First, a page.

Hey there Jerad,
First off, welcome to the planted world. Like you said, [everyone's] got to start somewhere.
Your set up takes me back 20 years; that's a lot like what we used then. Old school for the win!
A few observations-
CO2: It would be better to fill the bottle with water to about 80% and trim your outlet tube. The extra water will help dilute the negative byproducts and slow pH change. Most yeast can't take low pH and will start dying off.
Current plants: You've got a few sword plants in there that will eventually get huge
. You're better off letting them grow for now, just keep their size in mind for the future.
Ferts/nutrient supplementation: For setups like yours I normally recommend getting Flourish tabs and cutting them into quarters to be planted about 1" away from your plants/plant groups. I wouldn't recommend using terrestrial fertilizer sticks such as Jobe's brand or time release capsules like Osmocote for your tank with the small water volume and not-so-dense substrate (personal experience there). Flourish and Flourish Trace liquids would be an alternative if you prefer to get hands-on.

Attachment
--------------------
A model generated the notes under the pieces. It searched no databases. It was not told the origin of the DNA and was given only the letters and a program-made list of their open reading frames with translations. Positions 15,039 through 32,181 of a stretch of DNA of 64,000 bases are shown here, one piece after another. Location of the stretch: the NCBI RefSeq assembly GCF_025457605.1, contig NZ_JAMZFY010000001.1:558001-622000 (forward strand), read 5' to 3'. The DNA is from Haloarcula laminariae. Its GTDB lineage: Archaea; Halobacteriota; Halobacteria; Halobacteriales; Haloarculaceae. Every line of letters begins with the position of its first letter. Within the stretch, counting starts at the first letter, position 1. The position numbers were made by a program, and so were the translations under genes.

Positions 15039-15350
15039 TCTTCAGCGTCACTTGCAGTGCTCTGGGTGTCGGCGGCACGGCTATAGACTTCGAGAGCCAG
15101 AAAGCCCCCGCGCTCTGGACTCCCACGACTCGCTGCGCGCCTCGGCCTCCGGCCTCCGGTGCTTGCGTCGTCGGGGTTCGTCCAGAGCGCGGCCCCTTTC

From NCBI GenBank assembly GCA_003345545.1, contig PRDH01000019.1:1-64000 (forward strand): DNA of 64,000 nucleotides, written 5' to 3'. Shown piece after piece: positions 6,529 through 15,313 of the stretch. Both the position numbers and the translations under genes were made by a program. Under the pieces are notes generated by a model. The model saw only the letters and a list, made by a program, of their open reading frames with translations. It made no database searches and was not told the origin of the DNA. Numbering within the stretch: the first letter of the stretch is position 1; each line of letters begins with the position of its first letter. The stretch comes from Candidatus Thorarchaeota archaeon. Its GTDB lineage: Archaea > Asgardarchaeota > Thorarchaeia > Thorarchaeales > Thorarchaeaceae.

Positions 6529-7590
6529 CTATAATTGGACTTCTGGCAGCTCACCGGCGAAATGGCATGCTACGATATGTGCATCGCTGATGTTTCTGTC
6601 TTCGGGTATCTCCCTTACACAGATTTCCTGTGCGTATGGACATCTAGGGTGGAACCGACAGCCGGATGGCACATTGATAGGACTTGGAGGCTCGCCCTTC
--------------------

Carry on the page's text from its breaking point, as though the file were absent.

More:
Misc: You may want to consider getting some floating plants such as Frogbit (Limnobium laevigatum) or Red Root Floater (Phyllanthus fluitans) to help soak up nutrients in the water column and provide a little shade until things start growing stronger. Salvinia minima is an option that's common in the hobby, but many states frown on keeping Salvinia due to a few species being terribly invasive weeds. That may not be a problem in the Dakotas where you get hard freezes in the winter, but in this case it's better to be safe than sorry. If you're not keen on floating plants, letting your lily throw out surface leaves wouldn't hurt until you get a good handle on your light/CO2 balance.
Future plants: With your current lighting and CO2 you'll do well with Anubias, Bolbitis, Cryptocoryne, Java Fern, Java Moss, Wisteria, Bacopa, and most species of Ludwigia except peruensis (the big pretty purple one). Rotalas can be a bit finicky with old-school style setups like yours, but the bread-and-butter species should do ok. Dwarf Hairgrass may do well or may do poorly and become an algae trap in your setup. It's a coin toss. Marsilea species (go by XYZ clover in stores) will do well but not grow as fast. Micro Sword (Lilaeopsis brasiliensis) is another foreground option.
Hope this helps,